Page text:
How New Tempe Mayor Corey Woods Plans To Tackle The Coronavirus, Divisive Times
MARK BRODIE: Corey Woods was sworn in as the new mayor of Tempe last week. The 41-year-old is crossing a lot off a lot of firsts for the city's leader. He's the first black mayor of Tempe, and he was almost certainly the first to be sworn in virtually. He is, in fact, recovering from a mild bout of COVID-19 and was quarantined at home. In his first speech as mayor, he talked about many priorities and thanked the people of Tempe for entrusting him with this role. Our co-host, Lauren Gilger spoke with him more about what it's like to be entering office at such a tumultuous time and how he plans to tackle the rising numbers of coronavirus we're seeing.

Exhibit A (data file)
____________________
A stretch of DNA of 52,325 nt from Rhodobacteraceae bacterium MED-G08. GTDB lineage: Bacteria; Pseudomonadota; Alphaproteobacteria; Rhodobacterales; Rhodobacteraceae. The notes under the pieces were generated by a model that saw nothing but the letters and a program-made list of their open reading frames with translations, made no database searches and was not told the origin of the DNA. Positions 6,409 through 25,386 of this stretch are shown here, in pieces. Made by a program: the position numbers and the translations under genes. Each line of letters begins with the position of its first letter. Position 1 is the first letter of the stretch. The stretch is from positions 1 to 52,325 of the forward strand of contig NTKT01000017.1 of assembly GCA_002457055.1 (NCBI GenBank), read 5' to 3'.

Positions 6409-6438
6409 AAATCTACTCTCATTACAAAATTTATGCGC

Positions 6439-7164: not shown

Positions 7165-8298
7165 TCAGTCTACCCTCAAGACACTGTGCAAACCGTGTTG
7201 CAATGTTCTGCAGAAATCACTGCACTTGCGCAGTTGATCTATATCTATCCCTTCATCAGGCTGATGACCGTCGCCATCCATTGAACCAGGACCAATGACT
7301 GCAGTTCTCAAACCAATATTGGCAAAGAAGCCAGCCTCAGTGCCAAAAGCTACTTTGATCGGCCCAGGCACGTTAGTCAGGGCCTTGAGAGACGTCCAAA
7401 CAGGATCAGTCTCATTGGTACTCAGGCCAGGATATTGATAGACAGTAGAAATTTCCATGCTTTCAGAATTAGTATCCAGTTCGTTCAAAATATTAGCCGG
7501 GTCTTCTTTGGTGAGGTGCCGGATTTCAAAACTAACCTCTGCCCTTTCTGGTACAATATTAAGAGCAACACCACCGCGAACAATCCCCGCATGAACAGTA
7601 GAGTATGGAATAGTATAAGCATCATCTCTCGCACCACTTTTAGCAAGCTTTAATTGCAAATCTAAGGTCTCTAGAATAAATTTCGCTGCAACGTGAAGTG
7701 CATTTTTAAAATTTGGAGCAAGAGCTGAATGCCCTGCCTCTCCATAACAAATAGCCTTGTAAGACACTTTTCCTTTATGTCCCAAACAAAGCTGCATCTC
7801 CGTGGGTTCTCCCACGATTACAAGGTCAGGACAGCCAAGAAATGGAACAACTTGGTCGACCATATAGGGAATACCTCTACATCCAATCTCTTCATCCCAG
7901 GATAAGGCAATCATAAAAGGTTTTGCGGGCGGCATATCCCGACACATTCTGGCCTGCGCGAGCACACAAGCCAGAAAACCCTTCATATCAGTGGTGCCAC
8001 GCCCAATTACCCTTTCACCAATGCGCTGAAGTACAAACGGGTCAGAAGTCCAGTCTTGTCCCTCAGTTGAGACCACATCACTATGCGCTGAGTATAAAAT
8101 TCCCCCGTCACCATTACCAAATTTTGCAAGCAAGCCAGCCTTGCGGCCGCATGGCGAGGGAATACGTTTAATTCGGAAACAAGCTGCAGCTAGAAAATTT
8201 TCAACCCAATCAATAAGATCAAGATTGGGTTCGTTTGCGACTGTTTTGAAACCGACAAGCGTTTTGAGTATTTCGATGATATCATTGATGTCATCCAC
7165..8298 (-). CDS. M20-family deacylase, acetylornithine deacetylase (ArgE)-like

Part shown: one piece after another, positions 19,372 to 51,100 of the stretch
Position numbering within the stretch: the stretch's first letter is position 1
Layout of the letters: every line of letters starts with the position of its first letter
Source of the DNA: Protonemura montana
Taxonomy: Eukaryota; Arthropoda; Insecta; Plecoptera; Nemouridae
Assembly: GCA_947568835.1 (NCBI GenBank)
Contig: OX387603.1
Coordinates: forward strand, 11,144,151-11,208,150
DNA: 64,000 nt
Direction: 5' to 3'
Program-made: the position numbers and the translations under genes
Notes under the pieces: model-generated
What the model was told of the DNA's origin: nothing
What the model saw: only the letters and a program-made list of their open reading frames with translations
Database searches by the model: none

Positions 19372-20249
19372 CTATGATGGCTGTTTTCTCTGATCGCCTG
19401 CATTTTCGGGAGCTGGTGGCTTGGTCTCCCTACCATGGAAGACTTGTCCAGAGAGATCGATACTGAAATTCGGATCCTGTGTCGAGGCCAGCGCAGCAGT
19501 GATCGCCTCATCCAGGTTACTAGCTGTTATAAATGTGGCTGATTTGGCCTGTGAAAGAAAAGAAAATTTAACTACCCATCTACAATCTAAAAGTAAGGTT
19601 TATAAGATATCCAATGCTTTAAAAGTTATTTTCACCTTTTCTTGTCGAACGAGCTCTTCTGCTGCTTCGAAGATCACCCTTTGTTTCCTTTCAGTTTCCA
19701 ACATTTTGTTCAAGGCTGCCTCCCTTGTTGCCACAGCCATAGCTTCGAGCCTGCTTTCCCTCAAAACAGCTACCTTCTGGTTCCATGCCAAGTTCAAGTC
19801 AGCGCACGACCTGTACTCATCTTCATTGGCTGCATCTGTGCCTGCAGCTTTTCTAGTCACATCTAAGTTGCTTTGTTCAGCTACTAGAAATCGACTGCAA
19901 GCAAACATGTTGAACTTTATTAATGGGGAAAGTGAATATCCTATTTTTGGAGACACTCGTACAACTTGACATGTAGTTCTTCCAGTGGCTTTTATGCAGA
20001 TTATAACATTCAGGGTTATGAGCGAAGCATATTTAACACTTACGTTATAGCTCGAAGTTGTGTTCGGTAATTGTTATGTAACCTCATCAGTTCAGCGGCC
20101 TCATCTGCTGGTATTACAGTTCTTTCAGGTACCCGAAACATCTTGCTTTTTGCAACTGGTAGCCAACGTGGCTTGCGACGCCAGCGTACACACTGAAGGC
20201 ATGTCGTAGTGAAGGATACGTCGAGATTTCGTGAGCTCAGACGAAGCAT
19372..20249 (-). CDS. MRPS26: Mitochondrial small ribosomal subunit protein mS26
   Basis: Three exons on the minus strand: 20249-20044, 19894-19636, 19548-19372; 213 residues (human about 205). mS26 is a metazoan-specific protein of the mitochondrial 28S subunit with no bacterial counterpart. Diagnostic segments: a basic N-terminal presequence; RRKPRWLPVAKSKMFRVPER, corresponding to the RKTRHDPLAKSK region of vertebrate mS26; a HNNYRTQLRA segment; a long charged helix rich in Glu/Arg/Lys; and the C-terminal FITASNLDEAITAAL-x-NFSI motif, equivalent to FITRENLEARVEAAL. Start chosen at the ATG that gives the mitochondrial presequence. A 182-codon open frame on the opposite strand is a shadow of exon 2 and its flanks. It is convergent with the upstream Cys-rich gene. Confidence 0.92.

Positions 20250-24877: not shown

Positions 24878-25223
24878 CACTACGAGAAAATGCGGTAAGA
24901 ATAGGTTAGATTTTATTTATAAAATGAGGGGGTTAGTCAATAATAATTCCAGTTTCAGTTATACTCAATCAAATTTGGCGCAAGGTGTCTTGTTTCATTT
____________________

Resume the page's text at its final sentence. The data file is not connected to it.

COREY WOODS: First and foremost, I mean, I think the biggest thing is that, you know, we have to encourage people to follow all local and CDC guidelines regarding, you know, wearing a mask when in places of public accommodation. And then I think we have to try to encourage people as much as possible to stay home whenever they can. So I tell friends of mine and family members, if you're able to order groceries, you know, from a service where they can drop it off right at your doorstep, that's obviously a great option. If you're able to get your food through a delivery service or to pick it up curbside, that's a better option than going out as well. It's great that we spend time and our money supporting our local businesses to make sure that they are still here after this pandemic subsides, but at the same time, we have to do it safely. And so that's what we're clearly going to encourage people to do right here in Tempe.
LAUREN GILGER: What do you think the city's role should be in things like enforcement when it comes to, you know, packed bars on Mill Avenue, for example?